The other angle is that there is a serious problem with misogyny going on as well.
So what is my opinion? I honestly don’t know what to think about it.
I do think that criticism of misogyny in Ice-T’s music, as if he and other hip hop artists are uniquely or especially misogynistic, belies the implicit white supremacy I mentioned above.
Misogyny is everywhere in popular music going back a very long time. See Johnny Cash (“I shot my woman down”), Led Zeppelin (“The soul of a woman was created below”) and countless other white musicians of all genres.
None of that’s to say that there isn’t and wasn’t serious misogyny in hip hop, but any justice minded person should worry when charges of misogyny are deployed from a white supremacist standpoint in order to silence black men.
I have to think that it’s possible to reconcile gender justice and racial justice.
So, yeah, watch this. And wonder if we’ve made some progress since 1990. Or if we’ve gone backwards.
Yes, it’s (annoyingly) in four parts. Yes, it’s Oprah Winfrey. Yes, it’ll take you about 45 minutes to get through it. Yes, should watch it anyway.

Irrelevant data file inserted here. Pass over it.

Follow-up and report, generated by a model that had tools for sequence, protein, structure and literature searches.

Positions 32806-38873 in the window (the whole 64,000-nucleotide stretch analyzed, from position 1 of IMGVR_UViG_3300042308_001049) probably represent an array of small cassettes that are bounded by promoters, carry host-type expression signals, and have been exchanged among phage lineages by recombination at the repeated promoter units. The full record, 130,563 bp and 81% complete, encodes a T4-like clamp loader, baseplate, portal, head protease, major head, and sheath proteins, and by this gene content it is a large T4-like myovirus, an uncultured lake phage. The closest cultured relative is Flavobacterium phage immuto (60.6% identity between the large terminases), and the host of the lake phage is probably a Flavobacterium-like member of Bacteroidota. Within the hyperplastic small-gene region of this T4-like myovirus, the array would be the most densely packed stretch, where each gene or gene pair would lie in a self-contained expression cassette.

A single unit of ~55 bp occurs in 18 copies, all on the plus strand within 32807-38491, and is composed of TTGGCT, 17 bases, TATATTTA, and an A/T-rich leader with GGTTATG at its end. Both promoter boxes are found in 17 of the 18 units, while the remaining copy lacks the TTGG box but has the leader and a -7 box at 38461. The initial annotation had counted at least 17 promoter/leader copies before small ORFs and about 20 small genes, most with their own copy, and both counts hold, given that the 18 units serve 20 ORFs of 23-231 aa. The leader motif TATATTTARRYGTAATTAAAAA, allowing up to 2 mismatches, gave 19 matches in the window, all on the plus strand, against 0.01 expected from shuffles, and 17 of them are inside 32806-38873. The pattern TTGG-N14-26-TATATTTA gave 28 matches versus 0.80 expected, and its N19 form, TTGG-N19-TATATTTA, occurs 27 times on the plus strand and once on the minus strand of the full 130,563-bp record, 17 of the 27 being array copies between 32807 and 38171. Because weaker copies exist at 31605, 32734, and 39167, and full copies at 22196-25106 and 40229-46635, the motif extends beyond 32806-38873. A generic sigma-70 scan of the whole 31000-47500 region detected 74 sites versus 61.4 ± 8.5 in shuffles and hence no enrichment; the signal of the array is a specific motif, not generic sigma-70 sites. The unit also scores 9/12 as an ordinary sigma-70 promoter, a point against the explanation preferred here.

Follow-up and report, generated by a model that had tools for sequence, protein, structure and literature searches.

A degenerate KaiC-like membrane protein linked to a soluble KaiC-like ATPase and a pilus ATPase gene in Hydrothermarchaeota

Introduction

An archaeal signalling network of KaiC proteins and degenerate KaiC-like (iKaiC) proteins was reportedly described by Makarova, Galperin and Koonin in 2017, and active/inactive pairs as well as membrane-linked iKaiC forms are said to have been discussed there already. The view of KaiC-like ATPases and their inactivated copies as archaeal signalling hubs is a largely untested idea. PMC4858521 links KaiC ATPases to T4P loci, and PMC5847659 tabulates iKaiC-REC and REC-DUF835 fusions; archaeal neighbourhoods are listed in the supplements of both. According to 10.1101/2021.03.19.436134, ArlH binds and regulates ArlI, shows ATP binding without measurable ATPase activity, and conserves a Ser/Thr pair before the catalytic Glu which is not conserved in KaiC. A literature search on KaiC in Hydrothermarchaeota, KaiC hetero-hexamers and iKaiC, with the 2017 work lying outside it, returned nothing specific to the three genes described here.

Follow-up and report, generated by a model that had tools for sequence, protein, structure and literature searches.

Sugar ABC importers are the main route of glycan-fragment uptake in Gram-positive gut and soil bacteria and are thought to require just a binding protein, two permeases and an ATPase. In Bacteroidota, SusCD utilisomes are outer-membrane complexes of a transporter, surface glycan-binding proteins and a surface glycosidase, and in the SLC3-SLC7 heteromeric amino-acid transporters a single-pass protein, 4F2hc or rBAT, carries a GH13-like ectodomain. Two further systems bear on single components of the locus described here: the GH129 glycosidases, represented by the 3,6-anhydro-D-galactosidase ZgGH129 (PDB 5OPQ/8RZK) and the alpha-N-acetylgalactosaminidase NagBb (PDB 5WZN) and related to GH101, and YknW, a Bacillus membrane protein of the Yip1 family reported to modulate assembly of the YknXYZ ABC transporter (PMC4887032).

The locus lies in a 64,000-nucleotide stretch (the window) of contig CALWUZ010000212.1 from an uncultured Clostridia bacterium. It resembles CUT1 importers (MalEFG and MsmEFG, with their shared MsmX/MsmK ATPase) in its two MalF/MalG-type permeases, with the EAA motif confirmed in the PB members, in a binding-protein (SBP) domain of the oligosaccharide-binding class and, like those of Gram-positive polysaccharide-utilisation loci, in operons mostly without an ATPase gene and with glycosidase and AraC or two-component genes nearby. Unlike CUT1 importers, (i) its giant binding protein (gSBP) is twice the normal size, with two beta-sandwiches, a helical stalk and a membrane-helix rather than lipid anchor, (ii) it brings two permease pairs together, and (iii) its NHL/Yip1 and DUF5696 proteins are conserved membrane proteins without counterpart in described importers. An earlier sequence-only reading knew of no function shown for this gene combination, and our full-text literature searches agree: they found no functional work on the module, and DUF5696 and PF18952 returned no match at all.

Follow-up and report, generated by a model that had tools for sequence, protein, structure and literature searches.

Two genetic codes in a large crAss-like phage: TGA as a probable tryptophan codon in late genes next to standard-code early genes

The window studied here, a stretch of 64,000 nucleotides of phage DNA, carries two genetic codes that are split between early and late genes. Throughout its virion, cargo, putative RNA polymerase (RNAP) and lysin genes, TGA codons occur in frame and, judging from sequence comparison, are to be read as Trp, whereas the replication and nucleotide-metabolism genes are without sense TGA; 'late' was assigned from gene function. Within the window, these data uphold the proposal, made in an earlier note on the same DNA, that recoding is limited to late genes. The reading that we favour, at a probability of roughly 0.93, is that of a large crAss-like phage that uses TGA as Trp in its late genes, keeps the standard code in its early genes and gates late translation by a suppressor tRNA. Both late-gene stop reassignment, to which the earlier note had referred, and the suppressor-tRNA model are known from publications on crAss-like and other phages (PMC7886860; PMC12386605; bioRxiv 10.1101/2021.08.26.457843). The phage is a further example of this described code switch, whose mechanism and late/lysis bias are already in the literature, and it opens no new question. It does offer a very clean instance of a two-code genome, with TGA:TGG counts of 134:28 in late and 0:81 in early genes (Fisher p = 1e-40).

But first, watch Ice-T’s Lethal Weapon (the link is to the lyrics), which is – frankly – a work of genius.
And here’s the Oprah in four parts.
Alright, so I’ve got a blog-crush.
Music, Feminism, and Fiction.
Official Blog-Crush Song.
Sometimes I can laugh. Other times I cry.
It ain’t exactly funny. My feet are both on fire.
I guess they’ll just burn for a while.
Waitin’ in this purgatory line.
Lovin’ you is so easy, but waitin’ here just ain’t.
I know I can be patient, but please don’t hesitate to cross my mind.
That’s all I’ve got for a while.
Waitin’ in this purgatory line.
Sometimes the internet is so awesome. A few days ago, Liz Harman put up a Facebook post about an offensive sign she’d seen. Magical Ersatz did a post on it. And now, two days after that post, Holly Kearl at Stop Street Harassment has started a petition to get the sign taken down. To sign the petition, go here. The sign, of course, is this one: